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2 Year old reading/memory

(17 Posts)
lyssie29 Sun 02-Aug-15 20:06:35

hi, I'm just curious about something. My 2 year and 4month old daughter has great speech. You can have proper conversations with her. She has started to say sentences from her books from memory some of them 20 words plus long. I was just wondering if this is normal for her age to remember such things? She will also sit quite happily playing with a box and repeatedly putting in shapes. I bought a phone and she sat for over half an hour putting in and taking out the plug (which had a little hole that it went in) and was really concentrating on it.

overthemill Sun 02-Aug-15 20:07:27

Yes perfectly normal. It's how they learn basically.

dashoflime Sun 02-Aug-15 20:09:52

She sound bright. My Ds had much, much less language than that at the same age. Sounds like she has a good long attention span too. Good for her!

FuckOffPeppa Sun 02-Aug-15 20:14:12

Yes, completely normal smile What are you worrying about?

lyssie29 Sun 02-Aug-15 20:16:08

I'm not worried just curious about it smile

tumbletumble Sun 02-Aug-15 20:19:08

DS1 was like that - age 2 and a half he could recite loads of books from memory. He was an early reader and he's now a bright 9yo.

Ferguson Sun 02-Aug-15 22:56:41

Yes, as others have said, normal and to be enjoyed (by parents, I mean.)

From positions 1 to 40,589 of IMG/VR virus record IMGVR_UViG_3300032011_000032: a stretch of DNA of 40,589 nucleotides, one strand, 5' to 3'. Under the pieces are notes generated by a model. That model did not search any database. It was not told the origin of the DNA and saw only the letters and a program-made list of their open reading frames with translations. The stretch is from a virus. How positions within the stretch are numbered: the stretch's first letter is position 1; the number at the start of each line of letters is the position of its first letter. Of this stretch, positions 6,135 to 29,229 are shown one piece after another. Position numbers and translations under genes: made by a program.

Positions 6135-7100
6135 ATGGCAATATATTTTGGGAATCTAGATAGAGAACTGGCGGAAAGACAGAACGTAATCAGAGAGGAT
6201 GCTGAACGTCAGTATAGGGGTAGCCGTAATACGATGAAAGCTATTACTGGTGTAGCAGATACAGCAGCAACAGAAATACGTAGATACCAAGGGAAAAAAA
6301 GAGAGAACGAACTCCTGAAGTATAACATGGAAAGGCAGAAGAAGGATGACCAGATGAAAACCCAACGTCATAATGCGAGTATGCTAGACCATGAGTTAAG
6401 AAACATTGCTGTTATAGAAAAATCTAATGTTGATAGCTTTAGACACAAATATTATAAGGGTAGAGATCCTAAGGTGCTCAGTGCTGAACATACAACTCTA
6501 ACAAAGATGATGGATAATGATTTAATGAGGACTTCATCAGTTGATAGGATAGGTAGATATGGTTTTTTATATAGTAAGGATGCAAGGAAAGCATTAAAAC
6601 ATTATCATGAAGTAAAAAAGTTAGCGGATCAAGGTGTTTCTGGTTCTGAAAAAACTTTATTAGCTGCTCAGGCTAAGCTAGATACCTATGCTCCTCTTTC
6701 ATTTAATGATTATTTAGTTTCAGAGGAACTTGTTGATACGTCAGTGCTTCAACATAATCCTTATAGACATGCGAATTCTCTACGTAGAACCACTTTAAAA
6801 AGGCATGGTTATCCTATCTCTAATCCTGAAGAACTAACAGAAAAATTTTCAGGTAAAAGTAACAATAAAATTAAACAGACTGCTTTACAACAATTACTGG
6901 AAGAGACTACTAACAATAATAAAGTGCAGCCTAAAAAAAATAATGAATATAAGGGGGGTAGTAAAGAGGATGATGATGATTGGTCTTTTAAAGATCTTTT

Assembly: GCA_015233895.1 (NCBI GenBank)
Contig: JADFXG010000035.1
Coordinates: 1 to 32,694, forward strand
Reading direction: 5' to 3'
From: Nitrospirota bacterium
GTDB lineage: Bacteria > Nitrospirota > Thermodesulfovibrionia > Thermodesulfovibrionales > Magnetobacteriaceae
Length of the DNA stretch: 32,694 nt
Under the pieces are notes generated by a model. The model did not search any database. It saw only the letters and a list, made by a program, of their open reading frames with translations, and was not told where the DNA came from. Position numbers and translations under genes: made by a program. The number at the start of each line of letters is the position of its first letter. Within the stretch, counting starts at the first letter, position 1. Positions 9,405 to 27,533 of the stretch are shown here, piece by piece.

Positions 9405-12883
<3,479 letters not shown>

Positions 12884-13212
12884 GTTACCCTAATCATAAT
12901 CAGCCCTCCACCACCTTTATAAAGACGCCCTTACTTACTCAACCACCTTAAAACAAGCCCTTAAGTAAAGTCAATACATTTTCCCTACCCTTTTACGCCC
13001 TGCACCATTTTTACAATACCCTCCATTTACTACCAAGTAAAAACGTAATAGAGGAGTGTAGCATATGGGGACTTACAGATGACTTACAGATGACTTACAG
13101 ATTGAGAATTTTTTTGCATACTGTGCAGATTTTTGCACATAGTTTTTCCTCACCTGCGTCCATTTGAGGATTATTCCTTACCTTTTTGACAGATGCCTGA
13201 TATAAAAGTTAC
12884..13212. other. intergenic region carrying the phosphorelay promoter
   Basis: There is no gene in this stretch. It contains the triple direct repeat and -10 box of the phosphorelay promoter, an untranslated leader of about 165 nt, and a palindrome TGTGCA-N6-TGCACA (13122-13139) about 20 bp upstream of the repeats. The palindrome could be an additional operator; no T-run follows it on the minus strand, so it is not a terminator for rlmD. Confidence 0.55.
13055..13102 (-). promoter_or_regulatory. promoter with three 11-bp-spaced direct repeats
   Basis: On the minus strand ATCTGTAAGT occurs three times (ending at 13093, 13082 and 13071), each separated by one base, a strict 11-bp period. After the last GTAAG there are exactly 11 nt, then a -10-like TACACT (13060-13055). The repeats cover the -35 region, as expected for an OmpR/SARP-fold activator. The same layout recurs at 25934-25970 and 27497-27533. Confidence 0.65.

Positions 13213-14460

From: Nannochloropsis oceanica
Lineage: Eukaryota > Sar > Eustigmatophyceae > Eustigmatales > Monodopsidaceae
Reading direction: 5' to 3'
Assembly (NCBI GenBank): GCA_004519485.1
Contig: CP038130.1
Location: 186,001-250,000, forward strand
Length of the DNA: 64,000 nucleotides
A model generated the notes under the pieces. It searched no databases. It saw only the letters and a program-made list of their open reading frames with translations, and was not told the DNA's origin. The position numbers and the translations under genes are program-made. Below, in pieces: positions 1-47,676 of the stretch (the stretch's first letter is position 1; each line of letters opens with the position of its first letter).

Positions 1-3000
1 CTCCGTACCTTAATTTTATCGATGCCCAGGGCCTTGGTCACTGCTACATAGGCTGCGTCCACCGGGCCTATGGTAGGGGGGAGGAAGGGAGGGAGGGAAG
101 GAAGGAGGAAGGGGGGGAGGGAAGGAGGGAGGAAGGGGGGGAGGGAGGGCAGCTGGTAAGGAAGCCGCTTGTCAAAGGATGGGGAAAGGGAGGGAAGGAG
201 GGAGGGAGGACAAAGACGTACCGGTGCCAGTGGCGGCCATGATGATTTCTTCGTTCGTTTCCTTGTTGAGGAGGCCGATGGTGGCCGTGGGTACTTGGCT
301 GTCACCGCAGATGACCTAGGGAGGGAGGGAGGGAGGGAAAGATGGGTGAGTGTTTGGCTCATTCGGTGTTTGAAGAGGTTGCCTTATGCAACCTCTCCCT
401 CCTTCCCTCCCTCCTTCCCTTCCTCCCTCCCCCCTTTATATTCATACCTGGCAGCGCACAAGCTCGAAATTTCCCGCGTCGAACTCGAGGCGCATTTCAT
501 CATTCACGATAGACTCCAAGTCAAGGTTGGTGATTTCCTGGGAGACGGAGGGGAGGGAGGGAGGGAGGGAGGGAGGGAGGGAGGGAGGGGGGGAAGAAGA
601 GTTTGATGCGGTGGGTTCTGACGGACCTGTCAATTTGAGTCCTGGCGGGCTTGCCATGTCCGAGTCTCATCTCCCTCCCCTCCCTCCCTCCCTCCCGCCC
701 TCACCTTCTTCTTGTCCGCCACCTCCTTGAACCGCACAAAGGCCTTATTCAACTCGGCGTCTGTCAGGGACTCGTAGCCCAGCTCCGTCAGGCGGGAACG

But don't confuse 'learning to recite' from text, possibly aided by a picture, with 'reading' which, at this age it probably is not. [I was once a voluntary helper in a Reception class, where the children would confidently 'read' little books without even having the correct page open; they had done them so many times they knew them off by heart.]

And children can have very long attention spans, when it concerns something of interest to them, and that they probably gain a 'reward' from in self-satisfaction, and possibly a favourable comment from a parent.

At around that age, our DS got out a bag of coloured plastic clothes-pegs, and sorted them all into their colour batches.

So, construction toys, jigsaw puzzles, drawing materials, child-safe scissors for cutting up and sticking junk mail, or catalogues, matching games, such as dominoes, are all good activities to stimulate and develop learning, manual skills and memory. REAL toys are better than screen-based or artificial ones.

If you wish, for your own interest, keep a log of developmental stages and progress.

BeautifulBatman Sun 02-Aug-15 22:57:31

stealth boast

YouBastardSockBalls Sun 02-Aug-15 22:58:54

My 2.9 year old can't do this. She sounds bright smile nurture it!!

My DS is very capable in other ways though, he can ride a bike with no stabilisers < not so stealth boast>

Clairelou08 Mon 03-Aug-15 06:07:46

My Dd was like that, I remember sitting and teaching her to right the alphabet and numbers when she was just three. DS on the other hand is just not interested! He's a clever boy but only on the things he wants to learn ha ha they're all different just go with it x